The Darnley Coffee House Poltergeist

"Some would have you believe that it’s just grand old mansions, castles and the like that are afflicted with sprites and bogles. Stirling Castle, after all – the fabled, favoured seat of the Stuart Kings, has such a catalogue of creeping sprites that you’d need am ectoplasmic ‘Who’s Who’ to keep track of all the stately spooks who linger there. Mind you, Darnley Coffee House, Poltergeistit’s not just the grand buildings here that harbour hauntings with royal connections. Down by the very foot of Broad Street you’ll find the Darnley Coffee House, which some folks say is plagued by a playful poltergeist.

Now, if you hark tae the worthies that write the guide-books you’d think it was just a humble hostel where - once in a while - Lord Henry Darnley, second husband tae Queen Mary, used to rest his head when she’d taken a strop an kicked him out of the Castle for the night. Not quite true. You did rent rooms, but it was, shall we say, a special kind of hostel…the sort where you rented your room by the hour, and it wasn’t just ghosties and ghoulies that went bump in the night.

It was there, mere months before he’d be blown up by an assassin’s bomb at Kirk o’ Field, that Darnley, dandy that he was, dallied awa' the evening after the baptism o’ his son, Prince James – who would grow to greatness as James the Sixth o’ Scotland an’ First o’ England.

On that same eve dear Mary was having herself a fine time wae James Hepburn, Earl of Bothwell, up the street in Bruce of Auchinbowie’s house. The same Bothwell, that is, that folk think planned the pyrotechnic passin’ o’ Hooray Henry. Mary had visited he Earl to give him a gift of a blue silken suit, as a gift for attending the baptism of her heir and – by all accounts – stayed to do the fitting herself.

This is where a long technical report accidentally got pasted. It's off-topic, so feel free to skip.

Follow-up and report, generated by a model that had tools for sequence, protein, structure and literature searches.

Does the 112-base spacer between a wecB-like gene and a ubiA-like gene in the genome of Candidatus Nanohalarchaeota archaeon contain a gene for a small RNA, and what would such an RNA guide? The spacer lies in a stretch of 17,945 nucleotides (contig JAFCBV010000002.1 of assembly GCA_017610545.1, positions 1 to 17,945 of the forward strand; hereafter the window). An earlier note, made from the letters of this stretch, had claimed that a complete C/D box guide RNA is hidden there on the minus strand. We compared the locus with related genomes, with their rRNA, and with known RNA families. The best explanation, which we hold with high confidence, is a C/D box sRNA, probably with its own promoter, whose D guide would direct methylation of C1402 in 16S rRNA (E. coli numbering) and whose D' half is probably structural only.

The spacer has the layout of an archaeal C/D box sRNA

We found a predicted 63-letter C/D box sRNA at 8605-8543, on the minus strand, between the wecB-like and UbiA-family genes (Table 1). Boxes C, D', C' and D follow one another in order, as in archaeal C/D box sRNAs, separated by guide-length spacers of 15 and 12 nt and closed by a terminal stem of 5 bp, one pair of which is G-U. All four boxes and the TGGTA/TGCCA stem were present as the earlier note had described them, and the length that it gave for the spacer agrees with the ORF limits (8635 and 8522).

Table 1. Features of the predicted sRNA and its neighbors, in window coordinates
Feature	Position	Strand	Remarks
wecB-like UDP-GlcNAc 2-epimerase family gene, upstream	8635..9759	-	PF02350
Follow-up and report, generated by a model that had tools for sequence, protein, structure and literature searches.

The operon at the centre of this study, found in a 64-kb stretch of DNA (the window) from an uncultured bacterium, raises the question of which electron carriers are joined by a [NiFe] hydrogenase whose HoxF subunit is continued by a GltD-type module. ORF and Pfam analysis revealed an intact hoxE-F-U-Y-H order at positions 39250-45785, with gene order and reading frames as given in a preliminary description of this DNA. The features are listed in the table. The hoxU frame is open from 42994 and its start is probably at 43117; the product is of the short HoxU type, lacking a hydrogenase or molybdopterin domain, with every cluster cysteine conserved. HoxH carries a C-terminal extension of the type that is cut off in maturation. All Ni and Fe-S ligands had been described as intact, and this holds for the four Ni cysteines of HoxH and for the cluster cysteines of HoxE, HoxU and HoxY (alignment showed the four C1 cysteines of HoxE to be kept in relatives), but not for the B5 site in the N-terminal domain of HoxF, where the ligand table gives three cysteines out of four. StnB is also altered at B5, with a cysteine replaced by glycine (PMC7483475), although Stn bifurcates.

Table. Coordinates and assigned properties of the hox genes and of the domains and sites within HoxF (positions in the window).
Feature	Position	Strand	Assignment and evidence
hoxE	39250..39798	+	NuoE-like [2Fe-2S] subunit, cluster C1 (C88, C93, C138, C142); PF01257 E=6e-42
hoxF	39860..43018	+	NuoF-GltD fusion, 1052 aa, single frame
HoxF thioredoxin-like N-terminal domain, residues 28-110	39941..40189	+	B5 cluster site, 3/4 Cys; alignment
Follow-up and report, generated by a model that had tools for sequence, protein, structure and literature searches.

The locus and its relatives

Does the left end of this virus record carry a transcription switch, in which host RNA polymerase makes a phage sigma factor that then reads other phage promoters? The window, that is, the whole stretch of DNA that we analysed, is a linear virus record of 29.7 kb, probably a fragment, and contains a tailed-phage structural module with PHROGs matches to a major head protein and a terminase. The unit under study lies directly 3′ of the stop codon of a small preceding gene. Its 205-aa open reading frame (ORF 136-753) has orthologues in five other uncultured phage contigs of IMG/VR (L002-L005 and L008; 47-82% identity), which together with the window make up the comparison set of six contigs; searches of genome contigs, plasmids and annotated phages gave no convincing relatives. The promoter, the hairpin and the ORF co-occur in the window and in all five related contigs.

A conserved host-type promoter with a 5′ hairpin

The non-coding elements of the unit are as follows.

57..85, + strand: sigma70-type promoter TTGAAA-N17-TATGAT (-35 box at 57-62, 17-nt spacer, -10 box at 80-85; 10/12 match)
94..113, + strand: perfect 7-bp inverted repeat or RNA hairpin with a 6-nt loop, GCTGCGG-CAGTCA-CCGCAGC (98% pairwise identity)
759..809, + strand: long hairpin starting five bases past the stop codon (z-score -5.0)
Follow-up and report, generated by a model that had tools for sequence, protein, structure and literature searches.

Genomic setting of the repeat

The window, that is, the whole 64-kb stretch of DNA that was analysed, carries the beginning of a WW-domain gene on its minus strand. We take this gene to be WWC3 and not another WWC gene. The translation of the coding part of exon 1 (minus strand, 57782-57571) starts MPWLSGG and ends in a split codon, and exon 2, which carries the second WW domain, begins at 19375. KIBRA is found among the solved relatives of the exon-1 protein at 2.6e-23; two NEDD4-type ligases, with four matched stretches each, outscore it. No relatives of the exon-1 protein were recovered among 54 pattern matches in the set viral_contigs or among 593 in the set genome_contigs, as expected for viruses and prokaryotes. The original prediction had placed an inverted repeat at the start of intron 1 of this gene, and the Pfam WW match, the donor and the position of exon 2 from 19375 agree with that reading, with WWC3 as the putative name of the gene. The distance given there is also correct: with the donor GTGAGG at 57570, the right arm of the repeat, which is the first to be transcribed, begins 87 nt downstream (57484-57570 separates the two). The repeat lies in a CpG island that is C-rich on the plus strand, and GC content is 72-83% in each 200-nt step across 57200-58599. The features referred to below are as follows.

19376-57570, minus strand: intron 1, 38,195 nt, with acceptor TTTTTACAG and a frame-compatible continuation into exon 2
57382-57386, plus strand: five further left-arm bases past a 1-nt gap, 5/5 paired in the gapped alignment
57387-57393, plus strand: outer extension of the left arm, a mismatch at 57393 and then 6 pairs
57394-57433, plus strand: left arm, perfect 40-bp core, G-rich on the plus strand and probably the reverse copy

Charlie an’ Camilla don’t seem so bad, now, do they?

Could it be that the spook that causes lights tae switch themselves on in dead o’ night, an’ pots tae hurl themselves around the kitchens of the Coffee House was a ‘professional acquaintance’ of poor dead Darnley? Perhaps. The café area once served as stables to the brothel, where gents could tie their horses before climbing the stairs to the warm welcome waiting in the rooms above.

An early form o’ ‘Park an’ Ride’, in fact!"

              Monologue taken fom Stirling GhostWalk 2010 (c) David Kinnaird

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